Sunday, July 21, 2013

Sunday Column

This one is, I think, my penultimate one. Next week I'll sign off with the Bachmann essay that I published here a week or two ago, thinking the paper was going with that one. Anyhow, for a complex of reasons, I'm gonna bag the column thing. Maybe it's because it's actually been pretty successful, with a strong preponderance of positive reaction. Can't handle success, maybe. But, mostly, it's a feeling that I have no business writing a column that lots of people actually read. Here, on the blog, there's only a few dozen regular readers (triple digit page views, but, compared to the newspaper, it's pitiful potatoes), and they're anonymously scattered all over the world. The column is read by friends and neighbors.

Plus, it's clear that, as with this blog, minds don't get changed. Preaching to the choir, arguing with the fully Foxified. (I did hear from one man, months ago, pre-election, that my column on Mitt Romney had opened his eyes and changed his mind. So that's, what, one for infinity?) So without further ado, a local and general one:

Because democracy depends on free and fair elections by well-informed voters, these are depressing times. Increasingly we see the attempts of one party to suppress voting among minorities and the elderly, no matter that they’re perfectly legal and registered citizens. Faster than you can say “whites only,” the moment the Supreme Court gutted the Voting Rights Act, they were at it again. Fanned by the flamers at Fox “news,” the fire is fueled by the falsehood of fraudulent voting, virtually non-existent nowadays. But if you’re the sort that believes right-wing media, you’ll think it’s everywhere, like Bill O’Reilly’s latest ghostwritten book. 
The “well-informed” part is fast becoming hopeless, too, with education under attack by those preferring to transfer public funds to private schools, where Biblical truths and Foxified falsehoods will render future voters unable to tell fact from fancy. (Did you hear about the Texans (!) who booed and walked out on Bill Nye for saying the moon reflects the sun’s light?) But, regarding the “free and fair” part, there might be a twinkle of hope, right here in Washington. 
I was a little disappointed when universal mail-in voting happened, and it wasn’t when I realized I’d misheard the “all mail” part. It was because I liked driving to the nearby Lutheran church, checking the parking lot on the way in to see if there’d be long lines, finding the same nice ladies at the same folding tables, trying to recall which precinct was mine. Much as I enjoyed inserting and punching the cards, the sound and retro feel of it, switching to electronic machines didn’t bother me much when it happened. I worried some about the fact that the makers of the software were a right-wing company, and that I’d seen videos of easy hacking, and of votes credited to one candidate when another had been selected. I didn’t dwell on it, though I probably should have. I always stuck the “I voted” sticker on my shirt, too.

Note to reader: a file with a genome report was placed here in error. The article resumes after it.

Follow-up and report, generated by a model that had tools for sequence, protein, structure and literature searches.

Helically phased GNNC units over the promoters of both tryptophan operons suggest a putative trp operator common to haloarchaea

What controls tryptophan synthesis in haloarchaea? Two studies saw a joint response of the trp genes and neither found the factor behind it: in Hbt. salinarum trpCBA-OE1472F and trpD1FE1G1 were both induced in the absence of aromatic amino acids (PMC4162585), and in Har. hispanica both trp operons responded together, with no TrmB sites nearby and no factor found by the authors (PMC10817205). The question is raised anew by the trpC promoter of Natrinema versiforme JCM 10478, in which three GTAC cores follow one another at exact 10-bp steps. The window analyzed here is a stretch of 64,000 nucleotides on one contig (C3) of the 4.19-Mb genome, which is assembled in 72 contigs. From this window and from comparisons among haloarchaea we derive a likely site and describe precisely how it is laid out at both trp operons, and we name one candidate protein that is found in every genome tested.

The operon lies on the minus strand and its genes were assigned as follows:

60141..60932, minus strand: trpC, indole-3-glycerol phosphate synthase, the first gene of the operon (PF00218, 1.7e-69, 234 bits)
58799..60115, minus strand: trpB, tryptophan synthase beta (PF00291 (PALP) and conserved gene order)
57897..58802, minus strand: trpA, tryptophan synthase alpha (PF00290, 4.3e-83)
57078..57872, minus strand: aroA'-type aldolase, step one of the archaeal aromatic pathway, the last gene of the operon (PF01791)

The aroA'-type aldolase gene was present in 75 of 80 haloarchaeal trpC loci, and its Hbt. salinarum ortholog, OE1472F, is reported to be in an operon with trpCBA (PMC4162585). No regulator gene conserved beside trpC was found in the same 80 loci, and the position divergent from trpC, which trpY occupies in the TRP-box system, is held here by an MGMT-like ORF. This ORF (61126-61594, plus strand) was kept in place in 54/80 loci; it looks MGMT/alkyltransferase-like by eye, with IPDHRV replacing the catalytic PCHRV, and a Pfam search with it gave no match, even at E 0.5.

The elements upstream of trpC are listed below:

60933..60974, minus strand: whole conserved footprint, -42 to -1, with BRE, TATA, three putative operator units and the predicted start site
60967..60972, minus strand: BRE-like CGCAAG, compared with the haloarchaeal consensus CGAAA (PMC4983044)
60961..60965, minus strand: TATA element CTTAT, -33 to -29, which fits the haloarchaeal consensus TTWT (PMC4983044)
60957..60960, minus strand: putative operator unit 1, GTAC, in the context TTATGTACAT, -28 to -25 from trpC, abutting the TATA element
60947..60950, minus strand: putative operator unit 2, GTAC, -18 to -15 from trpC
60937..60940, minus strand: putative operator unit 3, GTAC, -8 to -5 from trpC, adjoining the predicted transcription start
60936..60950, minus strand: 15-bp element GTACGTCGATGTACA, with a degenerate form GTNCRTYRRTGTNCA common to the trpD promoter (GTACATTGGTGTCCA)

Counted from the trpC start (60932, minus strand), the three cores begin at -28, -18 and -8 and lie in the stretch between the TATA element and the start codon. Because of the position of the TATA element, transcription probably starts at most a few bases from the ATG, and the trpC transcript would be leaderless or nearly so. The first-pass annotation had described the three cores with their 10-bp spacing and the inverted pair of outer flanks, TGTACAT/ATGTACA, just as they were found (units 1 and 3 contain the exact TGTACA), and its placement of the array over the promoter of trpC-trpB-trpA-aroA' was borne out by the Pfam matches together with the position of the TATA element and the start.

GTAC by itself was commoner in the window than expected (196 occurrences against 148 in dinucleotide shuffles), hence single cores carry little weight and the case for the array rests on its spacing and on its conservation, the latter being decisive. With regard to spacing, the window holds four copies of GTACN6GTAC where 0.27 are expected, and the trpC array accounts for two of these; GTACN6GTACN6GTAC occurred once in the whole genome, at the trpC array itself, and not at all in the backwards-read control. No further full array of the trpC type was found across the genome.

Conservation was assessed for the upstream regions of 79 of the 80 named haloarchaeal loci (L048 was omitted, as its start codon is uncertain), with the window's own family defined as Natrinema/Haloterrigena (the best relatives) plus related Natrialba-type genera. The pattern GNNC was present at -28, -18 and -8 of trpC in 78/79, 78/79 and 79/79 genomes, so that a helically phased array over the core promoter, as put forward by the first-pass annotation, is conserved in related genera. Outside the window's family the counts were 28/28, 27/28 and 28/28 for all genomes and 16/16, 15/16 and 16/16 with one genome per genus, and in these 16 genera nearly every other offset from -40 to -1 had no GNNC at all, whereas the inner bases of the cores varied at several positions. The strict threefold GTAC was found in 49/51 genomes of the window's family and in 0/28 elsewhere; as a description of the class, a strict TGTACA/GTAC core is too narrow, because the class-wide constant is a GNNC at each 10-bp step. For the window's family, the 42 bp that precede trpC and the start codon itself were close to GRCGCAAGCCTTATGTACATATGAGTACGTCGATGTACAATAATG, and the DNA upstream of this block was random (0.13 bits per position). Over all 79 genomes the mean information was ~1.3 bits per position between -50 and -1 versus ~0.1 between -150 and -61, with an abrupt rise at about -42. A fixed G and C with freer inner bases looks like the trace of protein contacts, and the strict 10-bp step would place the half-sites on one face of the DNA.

There’s no excuse for what we saw last time around in a number of red states with Republican-controlled legislatures: intolerably long wait times in minority districts; early voting curtailed when large numbers of them were showing up; voter identification requirements that excluded people who’d been voting legally for years with no problems, now turned away because they’d had no way to comply. By design, the restrictions affected mostly Democratic voters, and those legislators made no attempt to hide it: “We knew it would prevent Democrats from voting,” they said in Florida. “This will give our state to Romney,” they crowed in Pennsylvania. If your ideas are pre-failed, suppressing rational voters is all you have, I guess. 
Much has been made of examples of registration fraud, numbering in single digits. (As with debt and deficit, some people have a hard time understanding the difference between registration and voter fraud.) Mickey Mouse and Donald Duck, as Fox told their viewers round the clock, had shown up on signature rolls gathered by ACORN. Despite the fact that it was ACORN who discovered and reported the fakery, and who got burned by their own signature gatherers, and that no fraudulent vote was ever cast, it put ACORN, an asset to poor communities in important ways besides voter registration, out of business. (Hear about the guy who forged several THOUSAND signatures on petitions to get Newt Gingrich on the ballot in Virginia?) 
I’m unaware of any examples of voter fraud since mail-in voting began in Washington. First time around, I had to reopen the envelope before I figured out where to sign. But I don’t miss the other stuff all that much, and if it allows legitimate voters a chance to cast a ballot when they might otherwise have been unable, it’s a good deal. Were mail-in voting to become the law of the land, long lines and on-site intimidation would become things of the past. (Fox looked long and hard, in 2012, before they found a single so-called New Black Panther, one guy holding doors open for ladies; Tea Partiers sent minions all across the land to hassle minority voters.) 
There’d be howls, of course, roaring from the reddest of revanchists. Funny, isn’t it? In the battle over who loves democracy more, it’s Democrats who value expanding suffrage to all who are eligible; and Republicans who aim to restrict it at every turn. Just one more thing to ponder, as I try and fail to make sense of what’s happened to our politics.
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